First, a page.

Today’s Kentucky Court of Appeals decision in Mendez v. Univ. of Kentucky Bd. of Trustees contained an odd bit of analysis that I thought I’d mention. Here’s the fact pattern:
The precipitating event leading up to the cessation of [Fullmer] Mendez’s employment at the College of Health Sciences occurred on March 27, 2006. One morning he was assigned to work on the computer of Dr. Susan Effgen, a professor at the College. She had experienced repeated problems with her computer. After looking at the computer, Mendez decided that he could not fix it until the next day. He informed her and went to lunch. When he returned from lunch, [Bambang] Sutardjo, as his supervisor, asked about the repair of the computer. After Mendez told him that the computer would not be fixed until the next day, Sutardjo told him to finish the work on the computer now because Mendez did not have the authority to determine turnaround time. Mendez replied that he was not trying to create new policy. Then, Sutardjo said he did not want Mendez to work in the department any longer.
But Mendez proffers a different reason for his dismissal. He maintains that the reason for his termination was not based on his failure to work on Effgen’s computer in a timely fashion, but rather, his termination resulted from a disagreement with Sutardjo, which Mendez believes was the cause of his termination. The parties’ religious backgrounds are as follows: Mendez was born and raised Catholic, and Sutardjo was a member of the Islamic religion. Mendez knew Sutardjo’s religion because at one time he had been invited to Sutardjo’s home for dinner at the conclusion of Ramadan. Sutardjo intimated that while he was not sure of Mendez’s religious beliefs, he thought that he was Christian or Catholic.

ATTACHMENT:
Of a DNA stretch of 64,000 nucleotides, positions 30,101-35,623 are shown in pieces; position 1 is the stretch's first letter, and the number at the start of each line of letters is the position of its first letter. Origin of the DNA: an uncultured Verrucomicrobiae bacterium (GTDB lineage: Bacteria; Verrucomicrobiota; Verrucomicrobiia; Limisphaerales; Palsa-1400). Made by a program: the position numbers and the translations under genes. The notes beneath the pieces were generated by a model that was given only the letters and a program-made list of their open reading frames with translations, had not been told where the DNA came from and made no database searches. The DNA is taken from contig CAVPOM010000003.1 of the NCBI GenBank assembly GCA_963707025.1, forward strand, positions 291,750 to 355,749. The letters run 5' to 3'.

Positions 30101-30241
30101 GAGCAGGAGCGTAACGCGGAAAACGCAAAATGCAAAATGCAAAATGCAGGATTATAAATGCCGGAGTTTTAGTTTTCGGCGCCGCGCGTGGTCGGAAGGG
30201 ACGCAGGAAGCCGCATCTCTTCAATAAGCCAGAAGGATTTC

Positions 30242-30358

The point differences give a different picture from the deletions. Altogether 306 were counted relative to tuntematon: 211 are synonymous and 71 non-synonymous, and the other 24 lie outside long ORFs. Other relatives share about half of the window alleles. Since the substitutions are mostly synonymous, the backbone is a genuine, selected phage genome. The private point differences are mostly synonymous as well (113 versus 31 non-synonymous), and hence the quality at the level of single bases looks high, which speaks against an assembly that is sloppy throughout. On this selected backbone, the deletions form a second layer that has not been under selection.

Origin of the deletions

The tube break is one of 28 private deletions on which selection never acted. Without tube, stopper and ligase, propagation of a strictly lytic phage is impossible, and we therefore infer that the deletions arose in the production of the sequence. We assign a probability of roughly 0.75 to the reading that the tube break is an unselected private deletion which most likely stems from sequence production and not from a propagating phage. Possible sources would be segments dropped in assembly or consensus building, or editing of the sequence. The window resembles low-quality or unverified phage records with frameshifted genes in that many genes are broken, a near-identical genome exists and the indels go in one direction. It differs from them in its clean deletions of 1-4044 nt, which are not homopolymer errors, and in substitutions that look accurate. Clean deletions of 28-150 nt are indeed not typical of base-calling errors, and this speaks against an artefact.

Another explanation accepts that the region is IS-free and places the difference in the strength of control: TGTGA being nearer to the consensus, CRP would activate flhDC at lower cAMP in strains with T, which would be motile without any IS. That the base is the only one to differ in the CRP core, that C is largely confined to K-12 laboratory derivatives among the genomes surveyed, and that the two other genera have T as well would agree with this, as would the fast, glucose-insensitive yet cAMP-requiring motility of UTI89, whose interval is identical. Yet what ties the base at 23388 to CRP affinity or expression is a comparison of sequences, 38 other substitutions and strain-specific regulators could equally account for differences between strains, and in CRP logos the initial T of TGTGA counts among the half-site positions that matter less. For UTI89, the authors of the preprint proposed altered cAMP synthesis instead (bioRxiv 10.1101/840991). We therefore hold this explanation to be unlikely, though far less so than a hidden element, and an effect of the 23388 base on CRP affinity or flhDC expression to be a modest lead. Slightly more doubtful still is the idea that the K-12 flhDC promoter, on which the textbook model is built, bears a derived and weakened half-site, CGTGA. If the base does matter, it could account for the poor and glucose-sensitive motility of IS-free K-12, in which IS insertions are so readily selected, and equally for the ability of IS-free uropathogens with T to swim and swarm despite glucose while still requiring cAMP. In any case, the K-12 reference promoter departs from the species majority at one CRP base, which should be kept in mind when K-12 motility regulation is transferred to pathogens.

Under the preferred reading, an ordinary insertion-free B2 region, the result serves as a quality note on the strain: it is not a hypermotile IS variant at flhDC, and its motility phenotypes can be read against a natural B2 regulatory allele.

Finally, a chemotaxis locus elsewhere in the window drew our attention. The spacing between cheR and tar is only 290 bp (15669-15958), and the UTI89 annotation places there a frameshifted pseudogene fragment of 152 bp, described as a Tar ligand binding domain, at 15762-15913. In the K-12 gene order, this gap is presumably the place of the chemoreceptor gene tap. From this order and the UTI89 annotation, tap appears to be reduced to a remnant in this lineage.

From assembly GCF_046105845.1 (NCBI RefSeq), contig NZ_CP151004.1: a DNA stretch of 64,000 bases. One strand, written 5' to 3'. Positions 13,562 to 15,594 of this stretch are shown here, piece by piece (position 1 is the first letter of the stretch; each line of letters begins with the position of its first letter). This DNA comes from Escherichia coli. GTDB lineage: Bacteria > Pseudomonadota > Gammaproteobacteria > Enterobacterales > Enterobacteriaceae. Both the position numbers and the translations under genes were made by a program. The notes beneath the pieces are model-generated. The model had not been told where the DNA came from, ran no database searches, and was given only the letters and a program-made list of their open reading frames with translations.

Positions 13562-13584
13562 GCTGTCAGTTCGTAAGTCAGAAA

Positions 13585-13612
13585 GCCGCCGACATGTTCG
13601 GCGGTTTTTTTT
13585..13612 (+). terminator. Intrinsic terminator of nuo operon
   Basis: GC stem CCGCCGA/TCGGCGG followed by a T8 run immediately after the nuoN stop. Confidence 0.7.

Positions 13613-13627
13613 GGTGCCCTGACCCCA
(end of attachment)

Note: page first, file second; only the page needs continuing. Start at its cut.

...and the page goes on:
According to Mendez’s testimony, although he does not cite to the record in providing these details, a few weeks before his assignment ended, Sutardjo and Dr. Maria Boosalis, the Director of the Department of Clinical Nutrition, were having a discussion concerning the publication of cartoons about the prophet Mohammed in the Danish press, and the protests in Europe that occurred after the publication of the cartoons. Mendez claims that Sutardjo asked his opinion about it. Mendez says that he responded that the Danish press was free to publish what they wished. Mendez then describes Sutardjo as being upset during the conversation, but he acknowledged that no mention of either party’s religion was made, nor did either party attack the other during the conversation. After the discussion, again without citation to the record, Mendez stated that the relationship between them soured, and their interactions were only about business. Yet, Sutardjo did not increase Mendez’s workload, although he required Mendez to complete his work assignments within a strict time period. Mendez, however, did not find the requirement to be unreasonable.
Now there’s obviously a factual dispute as to the motivation for Mendez’s firing, and it may well be that he was fired for reasons quite unrelated to the discussion of the cartoons. (Recall the following cautionary joke sometimes said among us Jews: A Jew goes to an interview for a job as a radio announcer. Later in the day, a friend asks whether he got the job; the interviewee shakes his head. “Why not?,” the friend asks. “An-an-an-ti-se-se-se-mitism,” the man responds.) And it’s also possible that Mendez’s claims, brought not under 42 U.S.C. § 1983 — which is generally used for claims that the plaintiff was fired because of his First-Amendment-protected speech — but under Kentucky’s tort of wrongful discharge in violation of public policy, would be legal losers. The court suggests this might be so, though its analysis is not entirely clear.